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Springfield firefighters met today to warn the community about how signing a petition to kill the earnings tax might save you a few bucks, but cost you your safety in the long run. KSMU’s Chasity Mayes reports.
Bright yellow signs with the phrase “decline to sign” were popular as community supporters and firefighters held a press conference at The Library Center in Springfield.
Those signs are targeting local voters by asking them not to sign petitions that would put the issue on the November ballot. Voters would decide at that time whether or not they want to repeal the tax.
Springfield doesn’t currently have the tax, but petitioners are gathering signatures here anyway. Officials say larger cities like St. Louis and Kansas City who put the tax toward public safety would see massive cuts.
“Immediately, it’s going to appear to be isolated. The ripple effect will be [that] crime will increase in those communities,” said Shawn Martin, the president of Springfield Firefighters Local 152.
He says that although the tax repeal would primarily affect larger cities in the state, eventually the entire state would be affected by a rise in crime and a decrease in safety officials.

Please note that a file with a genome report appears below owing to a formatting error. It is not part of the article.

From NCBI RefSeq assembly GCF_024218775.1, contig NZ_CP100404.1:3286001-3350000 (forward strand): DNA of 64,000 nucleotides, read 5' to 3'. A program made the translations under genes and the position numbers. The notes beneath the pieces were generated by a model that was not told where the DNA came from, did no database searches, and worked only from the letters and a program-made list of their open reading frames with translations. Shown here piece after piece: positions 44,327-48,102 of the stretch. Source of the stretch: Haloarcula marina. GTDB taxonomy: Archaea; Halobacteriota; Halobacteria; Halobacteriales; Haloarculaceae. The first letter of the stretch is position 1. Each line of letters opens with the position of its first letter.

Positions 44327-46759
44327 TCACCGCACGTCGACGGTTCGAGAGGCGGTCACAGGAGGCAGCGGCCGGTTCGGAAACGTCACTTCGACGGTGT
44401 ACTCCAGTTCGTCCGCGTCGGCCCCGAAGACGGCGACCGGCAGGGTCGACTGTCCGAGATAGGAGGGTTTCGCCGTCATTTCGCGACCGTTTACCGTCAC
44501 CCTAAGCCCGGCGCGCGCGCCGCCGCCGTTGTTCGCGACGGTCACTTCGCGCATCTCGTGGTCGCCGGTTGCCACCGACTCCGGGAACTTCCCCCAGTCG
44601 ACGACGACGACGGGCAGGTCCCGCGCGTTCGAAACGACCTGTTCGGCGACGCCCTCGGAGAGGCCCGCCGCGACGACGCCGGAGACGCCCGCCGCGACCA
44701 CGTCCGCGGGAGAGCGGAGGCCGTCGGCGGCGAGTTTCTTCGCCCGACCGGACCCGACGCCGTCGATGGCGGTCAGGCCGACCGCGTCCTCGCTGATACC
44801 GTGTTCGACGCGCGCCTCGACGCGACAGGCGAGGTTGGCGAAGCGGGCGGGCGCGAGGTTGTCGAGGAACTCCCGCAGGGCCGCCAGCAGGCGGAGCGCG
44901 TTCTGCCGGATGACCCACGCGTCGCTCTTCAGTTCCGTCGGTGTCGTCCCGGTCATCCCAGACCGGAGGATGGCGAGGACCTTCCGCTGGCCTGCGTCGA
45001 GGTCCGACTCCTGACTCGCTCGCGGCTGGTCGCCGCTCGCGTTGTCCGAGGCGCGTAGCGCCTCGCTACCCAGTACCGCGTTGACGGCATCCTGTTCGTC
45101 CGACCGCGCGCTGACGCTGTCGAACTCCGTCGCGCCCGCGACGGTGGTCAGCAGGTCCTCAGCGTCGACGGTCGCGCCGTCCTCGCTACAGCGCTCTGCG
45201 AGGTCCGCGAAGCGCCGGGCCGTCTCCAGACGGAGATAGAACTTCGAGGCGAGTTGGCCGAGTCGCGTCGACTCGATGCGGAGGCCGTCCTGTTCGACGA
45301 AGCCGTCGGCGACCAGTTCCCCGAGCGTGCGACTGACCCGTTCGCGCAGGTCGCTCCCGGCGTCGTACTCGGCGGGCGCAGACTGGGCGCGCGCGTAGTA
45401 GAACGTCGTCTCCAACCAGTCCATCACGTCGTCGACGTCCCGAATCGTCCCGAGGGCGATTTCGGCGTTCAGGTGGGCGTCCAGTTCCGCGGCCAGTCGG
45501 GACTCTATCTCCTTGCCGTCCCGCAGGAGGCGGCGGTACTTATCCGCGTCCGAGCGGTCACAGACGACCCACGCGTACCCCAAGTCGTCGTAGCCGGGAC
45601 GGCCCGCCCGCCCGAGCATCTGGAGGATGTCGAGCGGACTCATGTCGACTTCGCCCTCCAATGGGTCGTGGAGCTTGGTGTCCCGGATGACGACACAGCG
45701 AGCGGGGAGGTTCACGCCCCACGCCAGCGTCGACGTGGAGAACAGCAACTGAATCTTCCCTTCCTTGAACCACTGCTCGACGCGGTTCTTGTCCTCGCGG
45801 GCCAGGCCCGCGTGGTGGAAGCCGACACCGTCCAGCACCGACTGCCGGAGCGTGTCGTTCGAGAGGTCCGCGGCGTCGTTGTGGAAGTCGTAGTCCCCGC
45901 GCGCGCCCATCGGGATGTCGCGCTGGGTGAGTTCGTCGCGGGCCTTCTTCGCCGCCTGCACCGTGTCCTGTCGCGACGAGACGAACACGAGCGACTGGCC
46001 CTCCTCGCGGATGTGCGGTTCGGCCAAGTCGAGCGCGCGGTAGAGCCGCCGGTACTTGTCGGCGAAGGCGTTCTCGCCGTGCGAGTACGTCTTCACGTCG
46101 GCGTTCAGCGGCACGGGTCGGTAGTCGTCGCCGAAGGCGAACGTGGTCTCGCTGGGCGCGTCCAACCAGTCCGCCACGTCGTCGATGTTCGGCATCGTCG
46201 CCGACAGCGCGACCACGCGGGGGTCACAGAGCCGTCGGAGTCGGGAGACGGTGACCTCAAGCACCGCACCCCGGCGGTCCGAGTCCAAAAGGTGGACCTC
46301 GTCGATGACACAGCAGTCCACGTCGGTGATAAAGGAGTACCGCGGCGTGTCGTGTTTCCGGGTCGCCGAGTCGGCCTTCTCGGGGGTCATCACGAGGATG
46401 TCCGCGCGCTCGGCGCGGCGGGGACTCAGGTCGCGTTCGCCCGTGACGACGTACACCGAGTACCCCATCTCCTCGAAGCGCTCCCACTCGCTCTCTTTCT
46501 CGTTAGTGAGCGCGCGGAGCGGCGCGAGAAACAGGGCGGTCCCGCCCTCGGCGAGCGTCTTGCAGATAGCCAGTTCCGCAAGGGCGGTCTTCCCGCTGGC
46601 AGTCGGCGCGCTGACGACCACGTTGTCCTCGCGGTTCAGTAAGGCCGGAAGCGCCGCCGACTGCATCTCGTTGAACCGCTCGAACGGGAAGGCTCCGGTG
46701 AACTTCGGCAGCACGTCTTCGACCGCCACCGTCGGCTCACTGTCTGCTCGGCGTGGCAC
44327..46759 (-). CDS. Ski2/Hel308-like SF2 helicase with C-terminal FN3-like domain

“By doing away with that earnings tax it’s going to affect public safety. That will invite crime, it will also invite an unsafe atmosphere and that unsafe atmosphere will be contagious throughout the sate,” says Martin.
Those representing the firefighters at the press conference said it’s important to realize that petitioners are getting paid for signatures and that often they aren’t even from the same state that they are petitioning in.
Firefighters, police officers, and school districts are just a few of the things that the tax helps to fund in St. Louis and Kansas City.
For KSMU News, I’m Chasity Mayes.